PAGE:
There are two kinds of people in this world: those who believe in ghosts and those who don’t. People who believe in ghosts usually do so because they claim they have encountered one. Conversely, people who don’t believe in ghosts have probably never experienced one. It’s as simple as that. If you are into horror films, you know how prevalent the idea of haunting spirits is: from Poltergeist’s “go towards the light” to The Sixth Sense’s “I see dead people,” Hollywood has played a huge role in popularizing the idea of ghosts.
Perhaps the most popular ghost-themed Hollywood film of all times is Ghostbusters, starring Bill Murray, Dan Akroyd, and Sigourney Weaver. This 1984 movie was a huge box office success, and they made a sequel too. (It has been remade for release soon starring an all female lineup for a new spin on the old classic.) Since the idea of ghostbusting clearly isn’t going anywhere, you may be interested in this 3D printed ghostbusters trap for all of your cosplay ghostbusting needs (don’t forget to bring your handy-dandy Proton Pack and Giga Meter!).
To get started, we need to establish that, yes, in order to really ghostbust you’d need special equipment. This equipment includes analog and digital audio recorders and video cameras with infrared night-vision capabilities; hand-held camcorders; 35-mm film still cameras and digital cameras; Geiger counters; motion detectors; and seismograph and thermal-imaging cameras. Of course, if you are not really going to ghostbust but you just want a trap that looks like it can do the job, a 3D printed replica of the one in the original Ghostbusters movie will do the trick, right?
Norman Chan and Tested’s Sean Charlesworth partnered up to design and 3D print this contraption, which is based on reference materials from the Ghostbusters and Ghostbusters II movies. A pedal that looks like the kind used with an electric guitar is used to activate the trap’s doors, sounds, and lights. In a video, Charlesworth explained that he wanted a trap that was “self-contained, repeatable, and easy to use,” and the final trap’s parts were mostly printed by a Dremel 3D printer.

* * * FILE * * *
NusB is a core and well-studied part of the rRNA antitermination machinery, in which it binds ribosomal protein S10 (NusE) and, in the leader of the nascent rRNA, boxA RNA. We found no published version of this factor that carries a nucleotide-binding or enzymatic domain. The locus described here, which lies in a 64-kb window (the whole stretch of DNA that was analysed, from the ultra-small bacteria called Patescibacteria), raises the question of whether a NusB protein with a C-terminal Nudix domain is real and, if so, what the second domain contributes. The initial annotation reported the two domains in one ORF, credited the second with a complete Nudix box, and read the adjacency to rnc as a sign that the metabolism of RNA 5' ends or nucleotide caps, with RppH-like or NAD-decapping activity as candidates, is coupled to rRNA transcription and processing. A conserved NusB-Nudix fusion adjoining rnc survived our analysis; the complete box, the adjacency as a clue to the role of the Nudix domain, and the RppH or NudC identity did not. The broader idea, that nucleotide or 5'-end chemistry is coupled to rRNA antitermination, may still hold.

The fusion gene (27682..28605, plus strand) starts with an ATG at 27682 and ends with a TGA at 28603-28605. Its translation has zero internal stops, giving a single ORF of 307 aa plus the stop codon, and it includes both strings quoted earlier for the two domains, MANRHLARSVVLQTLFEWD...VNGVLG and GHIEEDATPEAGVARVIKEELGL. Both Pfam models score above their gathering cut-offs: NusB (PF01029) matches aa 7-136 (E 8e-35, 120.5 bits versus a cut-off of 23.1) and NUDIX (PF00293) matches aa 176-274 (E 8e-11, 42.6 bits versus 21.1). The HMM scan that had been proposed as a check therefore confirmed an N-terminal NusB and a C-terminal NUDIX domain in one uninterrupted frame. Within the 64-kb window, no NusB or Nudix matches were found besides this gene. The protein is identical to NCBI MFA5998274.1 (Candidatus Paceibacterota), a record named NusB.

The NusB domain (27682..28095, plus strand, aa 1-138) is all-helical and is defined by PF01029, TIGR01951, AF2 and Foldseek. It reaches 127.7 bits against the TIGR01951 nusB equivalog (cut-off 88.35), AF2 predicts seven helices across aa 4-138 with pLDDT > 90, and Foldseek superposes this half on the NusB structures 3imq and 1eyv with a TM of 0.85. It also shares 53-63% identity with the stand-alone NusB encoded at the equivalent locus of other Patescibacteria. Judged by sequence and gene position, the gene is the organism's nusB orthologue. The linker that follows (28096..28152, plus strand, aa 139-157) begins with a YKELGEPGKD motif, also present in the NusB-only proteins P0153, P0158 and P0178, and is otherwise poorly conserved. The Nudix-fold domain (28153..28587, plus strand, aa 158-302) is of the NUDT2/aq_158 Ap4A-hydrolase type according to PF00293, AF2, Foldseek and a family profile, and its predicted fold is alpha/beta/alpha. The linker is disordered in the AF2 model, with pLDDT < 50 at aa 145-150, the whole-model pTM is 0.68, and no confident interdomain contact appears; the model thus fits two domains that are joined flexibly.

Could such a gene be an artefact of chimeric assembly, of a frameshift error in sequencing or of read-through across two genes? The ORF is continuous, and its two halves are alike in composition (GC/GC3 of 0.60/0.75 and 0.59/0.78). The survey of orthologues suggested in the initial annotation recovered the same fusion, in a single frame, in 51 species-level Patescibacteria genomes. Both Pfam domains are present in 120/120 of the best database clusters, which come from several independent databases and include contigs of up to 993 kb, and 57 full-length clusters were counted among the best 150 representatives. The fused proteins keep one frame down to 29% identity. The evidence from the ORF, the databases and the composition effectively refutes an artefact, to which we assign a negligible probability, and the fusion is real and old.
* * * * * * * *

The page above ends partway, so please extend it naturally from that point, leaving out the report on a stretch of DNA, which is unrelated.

As you can tell by watching the below video, the source components for the trap are taken directly from the original movie and are discussed at length on the preeminent Ghostbusters fan website: GBfans.com. These parts include a resister, vector plate, relay, skirted knobs, lens shades, toggle switches… and more that are all 3D printed. In fact, there are so many parts to the trap that Charlesworth reports he spent a whole week simply researching them. GBfans.com makes some of these original parts immediately available for purchase. But, of course, the idea here is that you can 3D print them — making them yourself for the sheer fun of it all.
In the end, the trap is not merely an empty shell of a Hollywood film prop, but it is a working trap in the sense that its lights, sounds, and doors can be moved by the pedal. You can see how it is put together and how it works in the below video, and you can access files to print one yourself from Thingiverse. Happy Ghostbusting! Is something you’d like to have? Discuss in the 3D Printed Ghostbusting Trap forum over at 3DPB.com.
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